While it’s easy to focus on the “plot” thing an NPC might want, you should also consider what social interaction thing an NPC might want from the player characters as well.  These are most interesting when they add a nuance or work at odds with the practical motivation (“The Bishop wants you to turn over the Cursed Sword, but also wants to mend the rift between you and your uncle.”)

Threats

Monsters, bandit gangs, stars that emit radiation pulses, a rickety wooden bridge… if it is something that might directly harm the player characters, you’ll want to prep these.   Since these sorts of things end up taking up the most time to prep in most games, I usually don’t have points of interest that are ALL threats.

This also mirrors the idea of a general sandbox game – danger isn’t in every single place, and certainly not in equal amounts.  Even travelling to a point of interest doesn’t always mean encountering each threat – smart players will use means to gather intel ahead of time and figure out which things to avoid or sneak past.

History and Setting

Any point of interest that is a place where people live (or have lived in the past), is a good chance to fill out your setting.  Obviously, you can show how the characters get by and live their lives, their cultures and practices, but you can also show things in ruins and things left behind.  And, not just describing it in a general sense – you can give more direct information to players whose characters specialize in history or cultural lore.  (“The language on the walls is a form of Later Velnapian, probably part of the Migration after the war…  there won’t be any great libraries as you’d normally expect, but any records they brought with them will certainly be what they considered the most important to save.”)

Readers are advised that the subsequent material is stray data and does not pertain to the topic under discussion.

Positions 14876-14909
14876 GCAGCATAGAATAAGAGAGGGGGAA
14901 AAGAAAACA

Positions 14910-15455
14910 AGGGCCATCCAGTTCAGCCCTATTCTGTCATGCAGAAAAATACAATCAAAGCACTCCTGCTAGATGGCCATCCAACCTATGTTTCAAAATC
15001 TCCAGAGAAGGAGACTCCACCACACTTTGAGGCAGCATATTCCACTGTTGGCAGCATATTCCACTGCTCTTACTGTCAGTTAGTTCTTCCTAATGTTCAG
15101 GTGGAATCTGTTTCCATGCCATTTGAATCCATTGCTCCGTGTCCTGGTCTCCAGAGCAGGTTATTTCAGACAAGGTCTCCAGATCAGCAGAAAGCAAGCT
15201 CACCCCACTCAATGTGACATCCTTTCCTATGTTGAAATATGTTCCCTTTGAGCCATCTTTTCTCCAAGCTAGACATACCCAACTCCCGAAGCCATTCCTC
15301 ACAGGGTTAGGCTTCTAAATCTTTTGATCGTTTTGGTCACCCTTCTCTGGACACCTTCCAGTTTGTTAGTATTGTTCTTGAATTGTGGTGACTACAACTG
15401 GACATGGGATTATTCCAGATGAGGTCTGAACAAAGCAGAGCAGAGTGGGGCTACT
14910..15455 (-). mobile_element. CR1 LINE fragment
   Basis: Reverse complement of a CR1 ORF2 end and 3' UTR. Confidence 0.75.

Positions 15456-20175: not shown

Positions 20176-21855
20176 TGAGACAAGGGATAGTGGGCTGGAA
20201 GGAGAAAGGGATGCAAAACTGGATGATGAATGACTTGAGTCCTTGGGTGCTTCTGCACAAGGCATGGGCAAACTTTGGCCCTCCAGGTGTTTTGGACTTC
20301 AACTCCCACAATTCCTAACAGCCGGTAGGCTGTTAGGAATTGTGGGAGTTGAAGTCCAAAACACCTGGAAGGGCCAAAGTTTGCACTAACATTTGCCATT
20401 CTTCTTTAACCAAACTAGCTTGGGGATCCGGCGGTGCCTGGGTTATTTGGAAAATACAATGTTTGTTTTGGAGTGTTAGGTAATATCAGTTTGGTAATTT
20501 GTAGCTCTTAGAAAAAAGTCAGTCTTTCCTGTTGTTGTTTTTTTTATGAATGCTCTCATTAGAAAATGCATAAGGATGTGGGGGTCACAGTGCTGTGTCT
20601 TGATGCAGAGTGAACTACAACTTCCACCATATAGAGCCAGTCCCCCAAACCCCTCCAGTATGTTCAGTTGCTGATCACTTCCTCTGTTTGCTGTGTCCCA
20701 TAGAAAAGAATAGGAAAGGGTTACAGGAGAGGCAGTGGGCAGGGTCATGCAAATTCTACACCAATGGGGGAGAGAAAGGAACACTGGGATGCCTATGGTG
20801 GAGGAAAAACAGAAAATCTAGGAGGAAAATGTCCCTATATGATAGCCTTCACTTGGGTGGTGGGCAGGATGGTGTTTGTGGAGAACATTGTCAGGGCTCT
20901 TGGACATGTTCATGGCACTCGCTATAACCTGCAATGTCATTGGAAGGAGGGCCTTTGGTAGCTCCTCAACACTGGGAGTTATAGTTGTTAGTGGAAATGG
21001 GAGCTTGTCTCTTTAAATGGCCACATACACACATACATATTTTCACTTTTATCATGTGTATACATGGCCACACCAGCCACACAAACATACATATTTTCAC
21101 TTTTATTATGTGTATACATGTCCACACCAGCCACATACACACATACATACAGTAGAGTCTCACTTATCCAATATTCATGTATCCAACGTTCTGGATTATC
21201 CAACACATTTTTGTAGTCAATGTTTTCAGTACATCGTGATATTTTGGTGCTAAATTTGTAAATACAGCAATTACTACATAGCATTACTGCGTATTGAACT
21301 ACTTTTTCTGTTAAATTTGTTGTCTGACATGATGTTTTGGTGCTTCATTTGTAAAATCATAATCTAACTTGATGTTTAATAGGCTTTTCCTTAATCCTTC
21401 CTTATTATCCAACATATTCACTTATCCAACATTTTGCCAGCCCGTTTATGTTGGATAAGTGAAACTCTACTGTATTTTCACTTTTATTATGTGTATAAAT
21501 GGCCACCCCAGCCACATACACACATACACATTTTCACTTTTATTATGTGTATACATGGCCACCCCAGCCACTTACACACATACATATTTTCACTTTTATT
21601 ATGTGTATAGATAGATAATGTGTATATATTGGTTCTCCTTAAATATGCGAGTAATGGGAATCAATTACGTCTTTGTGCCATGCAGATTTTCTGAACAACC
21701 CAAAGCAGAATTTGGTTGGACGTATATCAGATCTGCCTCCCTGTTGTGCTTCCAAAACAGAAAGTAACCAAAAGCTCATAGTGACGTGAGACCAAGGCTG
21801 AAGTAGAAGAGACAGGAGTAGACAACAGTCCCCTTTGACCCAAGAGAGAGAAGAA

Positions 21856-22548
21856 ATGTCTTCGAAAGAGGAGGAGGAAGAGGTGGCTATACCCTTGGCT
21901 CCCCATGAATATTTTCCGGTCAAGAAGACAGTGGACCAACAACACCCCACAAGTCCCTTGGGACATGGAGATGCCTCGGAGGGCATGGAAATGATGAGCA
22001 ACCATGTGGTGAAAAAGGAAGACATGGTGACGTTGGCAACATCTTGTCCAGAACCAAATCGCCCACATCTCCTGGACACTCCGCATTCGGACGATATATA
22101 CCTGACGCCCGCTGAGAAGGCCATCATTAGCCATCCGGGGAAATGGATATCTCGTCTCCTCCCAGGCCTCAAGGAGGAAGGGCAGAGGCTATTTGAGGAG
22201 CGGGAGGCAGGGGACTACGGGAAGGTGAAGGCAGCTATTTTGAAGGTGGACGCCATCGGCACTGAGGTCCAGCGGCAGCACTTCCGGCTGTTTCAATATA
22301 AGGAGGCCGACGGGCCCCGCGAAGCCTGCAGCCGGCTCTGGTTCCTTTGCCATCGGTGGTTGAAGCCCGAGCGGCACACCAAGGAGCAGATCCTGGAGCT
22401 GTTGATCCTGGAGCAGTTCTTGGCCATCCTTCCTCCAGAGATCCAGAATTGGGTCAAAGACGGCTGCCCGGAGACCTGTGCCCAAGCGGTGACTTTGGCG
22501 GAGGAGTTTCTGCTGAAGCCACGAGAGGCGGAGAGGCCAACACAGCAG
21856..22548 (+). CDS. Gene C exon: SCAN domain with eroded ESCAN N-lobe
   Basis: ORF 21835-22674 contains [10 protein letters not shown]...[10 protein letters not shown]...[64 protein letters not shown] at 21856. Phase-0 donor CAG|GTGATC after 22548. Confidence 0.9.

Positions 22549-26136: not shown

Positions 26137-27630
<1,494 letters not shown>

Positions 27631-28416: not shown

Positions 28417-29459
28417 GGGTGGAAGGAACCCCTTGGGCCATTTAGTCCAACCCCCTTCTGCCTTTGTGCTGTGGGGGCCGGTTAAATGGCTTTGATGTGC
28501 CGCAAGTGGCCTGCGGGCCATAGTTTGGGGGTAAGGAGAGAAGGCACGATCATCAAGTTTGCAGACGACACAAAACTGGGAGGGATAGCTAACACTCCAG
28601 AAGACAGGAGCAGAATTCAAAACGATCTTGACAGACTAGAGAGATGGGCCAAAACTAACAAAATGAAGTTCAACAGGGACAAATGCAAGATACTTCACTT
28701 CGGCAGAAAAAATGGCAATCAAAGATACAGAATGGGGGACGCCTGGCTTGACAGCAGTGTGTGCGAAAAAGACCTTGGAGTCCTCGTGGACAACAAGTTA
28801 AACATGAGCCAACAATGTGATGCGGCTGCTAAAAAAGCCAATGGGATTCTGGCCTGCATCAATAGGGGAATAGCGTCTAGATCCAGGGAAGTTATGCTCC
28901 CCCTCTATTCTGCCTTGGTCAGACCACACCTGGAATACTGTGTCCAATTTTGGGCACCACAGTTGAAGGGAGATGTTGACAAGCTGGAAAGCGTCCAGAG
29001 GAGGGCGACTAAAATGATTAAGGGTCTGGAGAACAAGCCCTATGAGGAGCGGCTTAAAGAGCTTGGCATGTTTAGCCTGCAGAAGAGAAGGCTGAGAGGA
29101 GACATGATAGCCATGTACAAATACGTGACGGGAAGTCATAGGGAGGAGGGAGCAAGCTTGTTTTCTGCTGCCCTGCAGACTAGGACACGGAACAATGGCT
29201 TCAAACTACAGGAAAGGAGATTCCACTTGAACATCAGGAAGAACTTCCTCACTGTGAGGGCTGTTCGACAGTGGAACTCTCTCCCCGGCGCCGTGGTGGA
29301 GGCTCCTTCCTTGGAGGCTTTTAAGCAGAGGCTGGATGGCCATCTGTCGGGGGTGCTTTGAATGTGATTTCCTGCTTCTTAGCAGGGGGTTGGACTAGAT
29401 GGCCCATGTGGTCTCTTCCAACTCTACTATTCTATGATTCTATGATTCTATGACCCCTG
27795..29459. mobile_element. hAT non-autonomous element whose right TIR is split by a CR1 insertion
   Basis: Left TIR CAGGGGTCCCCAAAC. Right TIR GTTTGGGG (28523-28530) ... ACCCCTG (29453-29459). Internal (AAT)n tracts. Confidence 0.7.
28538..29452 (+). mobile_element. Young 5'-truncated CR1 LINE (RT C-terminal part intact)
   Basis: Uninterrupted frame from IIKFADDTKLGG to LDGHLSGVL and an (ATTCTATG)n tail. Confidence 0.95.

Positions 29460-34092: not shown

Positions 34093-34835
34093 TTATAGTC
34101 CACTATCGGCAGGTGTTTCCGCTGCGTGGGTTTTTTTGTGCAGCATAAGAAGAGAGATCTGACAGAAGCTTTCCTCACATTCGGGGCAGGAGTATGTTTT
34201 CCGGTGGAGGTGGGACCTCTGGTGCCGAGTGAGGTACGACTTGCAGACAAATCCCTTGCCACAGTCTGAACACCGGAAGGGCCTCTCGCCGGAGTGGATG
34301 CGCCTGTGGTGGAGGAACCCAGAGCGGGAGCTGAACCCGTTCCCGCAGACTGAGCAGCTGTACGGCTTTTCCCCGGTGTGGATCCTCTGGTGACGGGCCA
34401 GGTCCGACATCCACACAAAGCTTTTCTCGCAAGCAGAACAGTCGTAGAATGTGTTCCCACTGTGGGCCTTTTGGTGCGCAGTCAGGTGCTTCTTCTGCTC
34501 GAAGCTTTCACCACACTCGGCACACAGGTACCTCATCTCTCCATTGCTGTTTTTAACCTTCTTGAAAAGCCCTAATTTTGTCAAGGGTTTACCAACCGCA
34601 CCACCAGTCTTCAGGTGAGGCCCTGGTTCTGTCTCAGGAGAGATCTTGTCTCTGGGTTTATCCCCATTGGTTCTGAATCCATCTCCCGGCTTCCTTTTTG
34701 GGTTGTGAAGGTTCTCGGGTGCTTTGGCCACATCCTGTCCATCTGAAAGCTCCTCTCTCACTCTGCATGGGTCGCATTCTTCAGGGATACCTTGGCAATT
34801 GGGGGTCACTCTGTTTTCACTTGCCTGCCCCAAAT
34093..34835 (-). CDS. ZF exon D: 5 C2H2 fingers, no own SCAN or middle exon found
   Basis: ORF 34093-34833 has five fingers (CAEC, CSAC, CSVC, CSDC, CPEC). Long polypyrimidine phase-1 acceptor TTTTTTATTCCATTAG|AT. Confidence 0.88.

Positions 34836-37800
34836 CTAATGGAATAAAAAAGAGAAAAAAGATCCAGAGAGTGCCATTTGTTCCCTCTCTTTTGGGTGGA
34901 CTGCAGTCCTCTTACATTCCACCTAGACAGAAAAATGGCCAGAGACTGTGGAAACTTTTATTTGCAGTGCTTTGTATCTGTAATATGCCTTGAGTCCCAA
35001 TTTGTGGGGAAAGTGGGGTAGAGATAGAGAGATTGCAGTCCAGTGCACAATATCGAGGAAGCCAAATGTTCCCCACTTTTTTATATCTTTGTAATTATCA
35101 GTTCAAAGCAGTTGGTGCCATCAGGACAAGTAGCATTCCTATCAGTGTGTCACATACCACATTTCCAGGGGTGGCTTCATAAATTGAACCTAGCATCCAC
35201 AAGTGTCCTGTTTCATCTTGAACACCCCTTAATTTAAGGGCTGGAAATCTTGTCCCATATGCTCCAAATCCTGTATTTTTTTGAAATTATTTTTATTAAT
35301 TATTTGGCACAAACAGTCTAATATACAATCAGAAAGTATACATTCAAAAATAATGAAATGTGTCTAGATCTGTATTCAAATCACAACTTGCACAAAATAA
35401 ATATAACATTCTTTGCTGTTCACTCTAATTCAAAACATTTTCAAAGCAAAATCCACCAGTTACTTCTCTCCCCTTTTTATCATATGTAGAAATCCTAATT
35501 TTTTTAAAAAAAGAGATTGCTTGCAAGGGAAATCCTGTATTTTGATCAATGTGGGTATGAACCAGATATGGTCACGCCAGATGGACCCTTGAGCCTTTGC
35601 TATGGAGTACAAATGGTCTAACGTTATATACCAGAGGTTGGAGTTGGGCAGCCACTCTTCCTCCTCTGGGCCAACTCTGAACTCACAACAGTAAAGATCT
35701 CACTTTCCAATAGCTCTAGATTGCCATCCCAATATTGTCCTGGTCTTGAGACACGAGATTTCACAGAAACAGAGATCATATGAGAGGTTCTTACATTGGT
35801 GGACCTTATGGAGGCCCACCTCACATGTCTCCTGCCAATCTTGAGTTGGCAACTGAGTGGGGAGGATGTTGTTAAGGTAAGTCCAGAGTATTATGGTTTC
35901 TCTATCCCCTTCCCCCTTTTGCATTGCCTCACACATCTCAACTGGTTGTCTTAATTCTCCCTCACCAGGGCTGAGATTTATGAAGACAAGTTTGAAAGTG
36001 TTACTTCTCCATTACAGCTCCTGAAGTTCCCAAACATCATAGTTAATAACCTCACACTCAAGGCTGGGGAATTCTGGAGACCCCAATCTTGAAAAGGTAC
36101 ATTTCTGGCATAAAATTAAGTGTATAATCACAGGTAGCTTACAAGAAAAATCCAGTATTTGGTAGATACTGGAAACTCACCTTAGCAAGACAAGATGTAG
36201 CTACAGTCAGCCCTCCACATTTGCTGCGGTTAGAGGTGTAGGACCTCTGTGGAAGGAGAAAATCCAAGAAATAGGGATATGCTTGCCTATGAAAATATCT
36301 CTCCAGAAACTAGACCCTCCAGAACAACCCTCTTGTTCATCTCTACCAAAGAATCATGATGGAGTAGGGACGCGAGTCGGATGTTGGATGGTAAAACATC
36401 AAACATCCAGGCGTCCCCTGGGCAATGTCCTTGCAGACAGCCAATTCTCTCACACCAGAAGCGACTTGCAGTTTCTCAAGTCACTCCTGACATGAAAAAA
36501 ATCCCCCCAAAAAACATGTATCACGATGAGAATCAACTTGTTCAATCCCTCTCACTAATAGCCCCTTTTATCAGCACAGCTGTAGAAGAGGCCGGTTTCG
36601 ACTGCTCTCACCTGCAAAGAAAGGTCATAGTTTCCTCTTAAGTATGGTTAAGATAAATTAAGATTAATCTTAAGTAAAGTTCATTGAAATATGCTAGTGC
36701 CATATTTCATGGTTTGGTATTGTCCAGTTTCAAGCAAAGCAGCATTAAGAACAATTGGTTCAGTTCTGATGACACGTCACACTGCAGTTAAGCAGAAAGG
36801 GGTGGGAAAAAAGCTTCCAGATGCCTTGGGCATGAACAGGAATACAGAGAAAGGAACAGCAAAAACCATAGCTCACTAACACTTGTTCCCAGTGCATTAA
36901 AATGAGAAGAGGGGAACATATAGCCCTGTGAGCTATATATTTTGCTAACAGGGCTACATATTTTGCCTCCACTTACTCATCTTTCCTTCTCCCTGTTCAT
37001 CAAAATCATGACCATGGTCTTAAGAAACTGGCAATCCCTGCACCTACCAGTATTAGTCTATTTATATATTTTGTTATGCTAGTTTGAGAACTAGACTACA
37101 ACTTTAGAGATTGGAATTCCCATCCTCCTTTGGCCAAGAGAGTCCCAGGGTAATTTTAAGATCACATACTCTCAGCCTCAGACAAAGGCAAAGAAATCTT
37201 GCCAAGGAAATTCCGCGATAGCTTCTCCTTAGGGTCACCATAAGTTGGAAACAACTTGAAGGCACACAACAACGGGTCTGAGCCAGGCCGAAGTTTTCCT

Aside from cool worldbuilding factor, some of these might foreshadow or forewarn about things in other Points of Interest.  (“Assuming this funeral poem isn’t figurative, I’m guessing they lost half their fleet when their defense drones went rogue in the quadrant over.  How about we go around?”)

Play, Prep, Adapt

After the session ends, note where the players are; figure out 3-4 new points of interest they might reach after that and prep the interesting things there, as well.  If the players stayed in the same area, consider if some of those interesting things might have changed or if new ones might pop up.  And, of course, “what’s interesting” can change quite a bit based on actions in play – characters who are heroes might find people asking for help against bigger problems, characters who are fugitives are hunted, and so on.

Obviously, most NPCs can travel as well, so you might want to have some show up at new places depending on what happened.  Things like extreme weather or disasters might affect a lot of points of interest.  The classic “evil army is invading” always can affect places.

Notice, though, as you build up more and more locations, you’re only having to look at 9-12 things at most, a lot of which are going to be 1-2 sentence descriptions or ideas.   If you re-use NPCs, they become easier to play as you get more comfortable with them as well.

Using this system, I usually have prep times of 20 minutes to an hour between sessions.

 

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Game design: Siloing Resources

February 24, 2018

It’s a generally understood that you should design your game to reward the players to do the thing you want to see happen in play.  The important, but sometimes missed part, is that is that what you should want to see in play is the thing the players would also find fun, but maybe not realize on their own.